Enamel Forget Me Not Flowers on US Gold Indian Princess
It's easy to overlook the humble Forget Me Not flower, but this little beauty has a rich backstory, symbolizing both myth and history. According to one of many legends of the forget-me-not, a couple was walking along the River Danube when they saw a plant with beautiful blue flowers growing on an islet. The man leapt into the water, crossed the strong current safely and picked the flowers for his love. On his way back to her, he was swept away into the rapids, but not before he was able to throw her the flowers and proclaim his love. This humble flower was oft enseen in Victorian jewelry, as a symbol of true love and remembrance, more commonly on silver love tokens.
This example here, on a $3 US Indian Princess coin, itself a coin with interesting and troubled history. According to numismatic historian Walter Breen, three dollar pieces “represent relics of an interesting and abortive experiment; today they are the most highly covetable of American gold coins”, and by coin dealer Norman Stack “All are rare. There is no such thing as a common three dollar gold piece.” And as a love token with flowers, a unicorn among unicorns.
Love tokens are antique coins that were planed down on one or both sides and embellished with names, personal messages, images and bon mots.
The exact origin of this practice is up for debate: some numismatists trace the history back to 13th century England and the practice of bending coins. When asking a favorite saint for a favor, coins were bent and pledges were made as a physical token of the pledge made. The practice of engraving coins took off during the late 1600’s through the 1800’s, when coins were engraved with everything from primitive to highly skilled techniques in equal measure.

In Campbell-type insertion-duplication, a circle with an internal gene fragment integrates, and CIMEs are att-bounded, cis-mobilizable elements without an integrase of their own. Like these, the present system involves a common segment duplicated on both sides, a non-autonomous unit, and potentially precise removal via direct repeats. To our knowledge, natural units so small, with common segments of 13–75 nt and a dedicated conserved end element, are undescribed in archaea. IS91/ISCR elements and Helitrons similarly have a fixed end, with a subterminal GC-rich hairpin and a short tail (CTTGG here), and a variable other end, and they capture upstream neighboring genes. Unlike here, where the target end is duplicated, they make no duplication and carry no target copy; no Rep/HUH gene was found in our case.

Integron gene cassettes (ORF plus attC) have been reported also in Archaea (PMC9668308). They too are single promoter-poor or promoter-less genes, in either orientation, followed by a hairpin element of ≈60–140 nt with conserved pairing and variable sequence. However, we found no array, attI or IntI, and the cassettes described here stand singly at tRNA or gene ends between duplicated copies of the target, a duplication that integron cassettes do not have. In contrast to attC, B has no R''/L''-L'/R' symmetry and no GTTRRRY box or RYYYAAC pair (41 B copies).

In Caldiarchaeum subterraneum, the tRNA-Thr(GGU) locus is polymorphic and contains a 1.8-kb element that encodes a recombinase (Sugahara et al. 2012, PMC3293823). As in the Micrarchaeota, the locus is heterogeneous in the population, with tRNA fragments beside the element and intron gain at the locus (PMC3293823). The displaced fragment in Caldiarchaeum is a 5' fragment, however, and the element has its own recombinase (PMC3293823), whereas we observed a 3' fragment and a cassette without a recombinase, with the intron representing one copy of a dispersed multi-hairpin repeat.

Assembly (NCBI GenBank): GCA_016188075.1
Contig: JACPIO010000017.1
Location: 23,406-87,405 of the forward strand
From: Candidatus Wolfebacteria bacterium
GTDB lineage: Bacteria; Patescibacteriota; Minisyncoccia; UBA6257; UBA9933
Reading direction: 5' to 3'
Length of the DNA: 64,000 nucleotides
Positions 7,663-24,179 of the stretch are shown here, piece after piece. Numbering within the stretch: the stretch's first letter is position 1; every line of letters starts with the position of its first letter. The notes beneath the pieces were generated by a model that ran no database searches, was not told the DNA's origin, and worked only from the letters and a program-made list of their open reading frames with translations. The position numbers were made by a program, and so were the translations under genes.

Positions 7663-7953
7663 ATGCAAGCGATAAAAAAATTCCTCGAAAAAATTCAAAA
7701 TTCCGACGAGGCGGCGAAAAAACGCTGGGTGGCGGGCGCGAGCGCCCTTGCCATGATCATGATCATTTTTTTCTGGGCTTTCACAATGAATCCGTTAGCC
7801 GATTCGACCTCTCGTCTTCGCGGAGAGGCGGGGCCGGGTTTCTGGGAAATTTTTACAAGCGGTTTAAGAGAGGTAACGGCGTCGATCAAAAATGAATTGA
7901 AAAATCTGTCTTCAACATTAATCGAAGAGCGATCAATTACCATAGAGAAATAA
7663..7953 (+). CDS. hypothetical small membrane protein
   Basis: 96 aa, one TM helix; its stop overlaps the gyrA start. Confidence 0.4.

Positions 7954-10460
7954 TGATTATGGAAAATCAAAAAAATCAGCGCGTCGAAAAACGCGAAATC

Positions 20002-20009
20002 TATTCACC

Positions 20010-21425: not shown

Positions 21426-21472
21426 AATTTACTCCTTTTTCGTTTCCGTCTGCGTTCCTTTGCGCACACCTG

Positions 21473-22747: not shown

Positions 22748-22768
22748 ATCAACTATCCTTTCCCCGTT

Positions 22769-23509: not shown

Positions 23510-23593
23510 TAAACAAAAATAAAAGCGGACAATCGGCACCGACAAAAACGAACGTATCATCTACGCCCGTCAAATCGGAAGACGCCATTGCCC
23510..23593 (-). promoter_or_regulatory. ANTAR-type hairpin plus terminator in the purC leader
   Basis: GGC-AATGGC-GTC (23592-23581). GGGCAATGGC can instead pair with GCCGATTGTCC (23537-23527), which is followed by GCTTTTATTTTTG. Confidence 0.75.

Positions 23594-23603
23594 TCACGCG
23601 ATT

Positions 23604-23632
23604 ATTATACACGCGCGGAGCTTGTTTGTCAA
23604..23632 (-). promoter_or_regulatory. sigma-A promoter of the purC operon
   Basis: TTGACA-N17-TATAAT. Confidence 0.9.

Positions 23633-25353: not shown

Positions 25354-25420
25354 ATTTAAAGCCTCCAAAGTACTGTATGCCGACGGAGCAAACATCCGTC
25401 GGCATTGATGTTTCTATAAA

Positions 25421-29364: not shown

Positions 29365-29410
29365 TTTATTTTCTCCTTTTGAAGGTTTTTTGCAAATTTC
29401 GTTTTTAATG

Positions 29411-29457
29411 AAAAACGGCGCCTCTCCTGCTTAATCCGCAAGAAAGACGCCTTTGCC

Typically, the minted words and images were removed from the obverse side of the coin - the front of the coin, or what we call heads when we flip a coin as they are commonly decorated with the bust of a prominent person. In some cases the reverse of the coin was used as the blank canvas for the embellishment, which is why you may see a love token of the same year with a different backside. While both sides of the coin are interesting, using the reverse side makes it difficult to determine the year in which the coins were minted.
Love tokens were executed on practically all denominations of coins in many countries. According to the US Mint, the love token phenomenon caused a shortage of dimes during the peak of the craze. Dimes were not a huge amount of money to throw away, thus their popularity. When other coins were used, the choice of coin communicated social and economic status: gold coins and larger denominations of silver coins were a sign of the givers’ wealth, whereas nickels and pennies were seldom used as they were considered common due to their composition – nickel and copper versus silver or gold.